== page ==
Filed under battling depression, commentary, farming, feeling sorry for myself, humor, insight, Liberal ideas, pessimism, sharing from YouTube, strange and wonderful ideas about life

3 responses to “Hope Comes From Science

  1. Malthus was wrong. Population doesn’t necessarily increase exponentially. We are not simple replicating machines.

    It turns out that as affluence climbs and survival of the individual is ensured, there is less need to produce lots of children to support one in one’s old age. The answer then is to bring the rest of the world from the “have nots” into the “haves” category.

    Increasing affluence also reduces the importance of organized religion and associated dogmas. Birth control becomes accepted and we no longer have a moral duty to be fruitful and multiply. We can play around with the peak of Maslow’s hierarchy, self-actualization. So far, we aren’t very good at it and most just settle for entertainment.

    And as it turns out, technology is what is growing exponentially. Technology is what limits food production. New technology is what allows us to see the damage that old industrial technology is doing to the planet and offers a realistic chance to mitigate.

    Right now the most exciting thing on the horizon is the development of useful fusion energy. (There is an old joke that has been in play since the 70s: Every 30 years we get 10 years closer to practical controlled nuclear fusion. They weren’t pessimistic enough.)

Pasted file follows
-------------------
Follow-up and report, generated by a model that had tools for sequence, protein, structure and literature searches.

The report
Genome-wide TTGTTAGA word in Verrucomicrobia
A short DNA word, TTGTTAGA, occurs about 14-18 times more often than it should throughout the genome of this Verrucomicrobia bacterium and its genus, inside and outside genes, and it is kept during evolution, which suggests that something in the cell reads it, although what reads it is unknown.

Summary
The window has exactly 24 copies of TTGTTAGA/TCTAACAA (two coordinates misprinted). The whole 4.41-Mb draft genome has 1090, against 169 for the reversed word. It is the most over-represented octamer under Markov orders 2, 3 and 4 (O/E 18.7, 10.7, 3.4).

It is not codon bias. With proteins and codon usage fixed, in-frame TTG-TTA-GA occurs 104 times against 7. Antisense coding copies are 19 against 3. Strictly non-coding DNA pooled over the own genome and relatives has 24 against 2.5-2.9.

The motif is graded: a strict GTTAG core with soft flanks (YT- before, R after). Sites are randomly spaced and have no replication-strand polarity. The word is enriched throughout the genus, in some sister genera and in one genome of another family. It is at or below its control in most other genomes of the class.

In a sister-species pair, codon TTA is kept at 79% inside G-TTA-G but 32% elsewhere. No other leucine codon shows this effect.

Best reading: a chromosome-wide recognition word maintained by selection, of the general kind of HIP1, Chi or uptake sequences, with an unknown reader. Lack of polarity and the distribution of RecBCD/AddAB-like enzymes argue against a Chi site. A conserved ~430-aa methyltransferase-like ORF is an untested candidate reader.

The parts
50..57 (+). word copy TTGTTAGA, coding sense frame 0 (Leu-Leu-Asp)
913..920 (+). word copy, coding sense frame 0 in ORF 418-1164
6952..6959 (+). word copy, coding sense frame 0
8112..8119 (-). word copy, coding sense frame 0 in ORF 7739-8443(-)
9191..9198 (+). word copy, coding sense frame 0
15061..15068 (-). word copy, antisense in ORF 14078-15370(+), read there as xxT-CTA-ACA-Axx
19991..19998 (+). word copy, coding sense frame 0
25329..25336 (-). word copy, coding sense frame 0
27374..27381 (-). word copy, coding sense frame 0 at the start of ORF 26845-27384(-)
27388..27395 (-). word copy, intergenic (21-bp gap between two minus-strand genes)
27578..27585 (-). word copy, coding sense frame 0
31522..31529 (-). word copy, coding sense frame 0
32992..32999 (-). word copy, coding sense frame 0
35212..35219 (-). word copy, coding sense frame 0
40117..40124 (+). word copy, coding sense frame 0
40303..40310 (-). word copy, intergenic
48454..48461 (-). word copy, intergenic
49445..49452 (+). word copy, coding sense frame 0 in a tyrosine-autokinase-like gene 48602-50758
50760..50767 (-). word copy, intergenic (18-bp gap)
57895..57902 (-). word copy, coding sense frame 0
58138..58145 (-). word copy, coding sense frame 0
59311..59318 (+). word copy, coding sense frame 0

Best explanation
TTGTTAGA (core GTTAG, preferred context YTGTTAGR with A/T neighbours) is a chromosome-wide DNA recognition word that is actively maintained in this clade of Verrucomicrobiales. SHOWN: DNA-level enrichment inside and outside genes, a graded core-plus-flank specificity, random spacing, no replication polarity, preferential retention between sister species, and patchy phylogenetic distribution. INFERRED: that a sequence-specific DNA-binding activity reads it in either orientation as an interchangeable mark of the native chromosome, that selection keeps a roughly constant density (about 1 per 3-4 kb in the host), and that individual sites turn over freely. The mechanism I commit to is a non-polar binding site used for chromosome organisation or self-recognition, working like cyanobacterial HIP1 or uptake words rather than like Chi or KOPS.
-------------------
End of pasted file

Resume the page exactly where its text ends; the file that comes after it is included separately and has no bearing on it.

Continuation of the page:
The first productive fusion plant (ITER) is expected to come online in the mid-2020s. Completely self-sustaining, with 50 MW input and 500MW output. From there it is a matter of scaling it up to useful economic levels, say multiple GW with reduced construction costs. Eventually, large scale burning of fossil fuels will become obsolete. So will vast windmill and solar farms which have their own issues.

    We could even start sucking the CO2 back out of the atmosphere. It can be sequestered in building materials or buried in a subduction zone and returned underground from whence it came.

    In the meantime, the oceans may rise a bit, agriculturally productive land may shift north. It has happened before and will happen again. At one time England was a major grape producing country, Greenland had lots of coastal green. A bit more distant in the past, the Sahara was covered in grass and hippos grazed along a vast freshwater sea. Climatologically diverse nations with high levels of technology and low population densities will fare better than small, overpopulated or technically backward nations. Less fortunate countries will face a crap shoot as to whether things get better or worse.

    The US can afford the huge civil engineering projects we may need. We currently produce five times as much food as we need domestically to eat and most of that is very inefficiently produced. Much of the rest of the world is not so lucky and will need help. I’m not worrying about famine here but there could be a long recession while we adapt. Or the response to the crisis could launch an economic surge.

    People like the little adrenaline blip that comes from a scary story. Global extinction is just another scary story.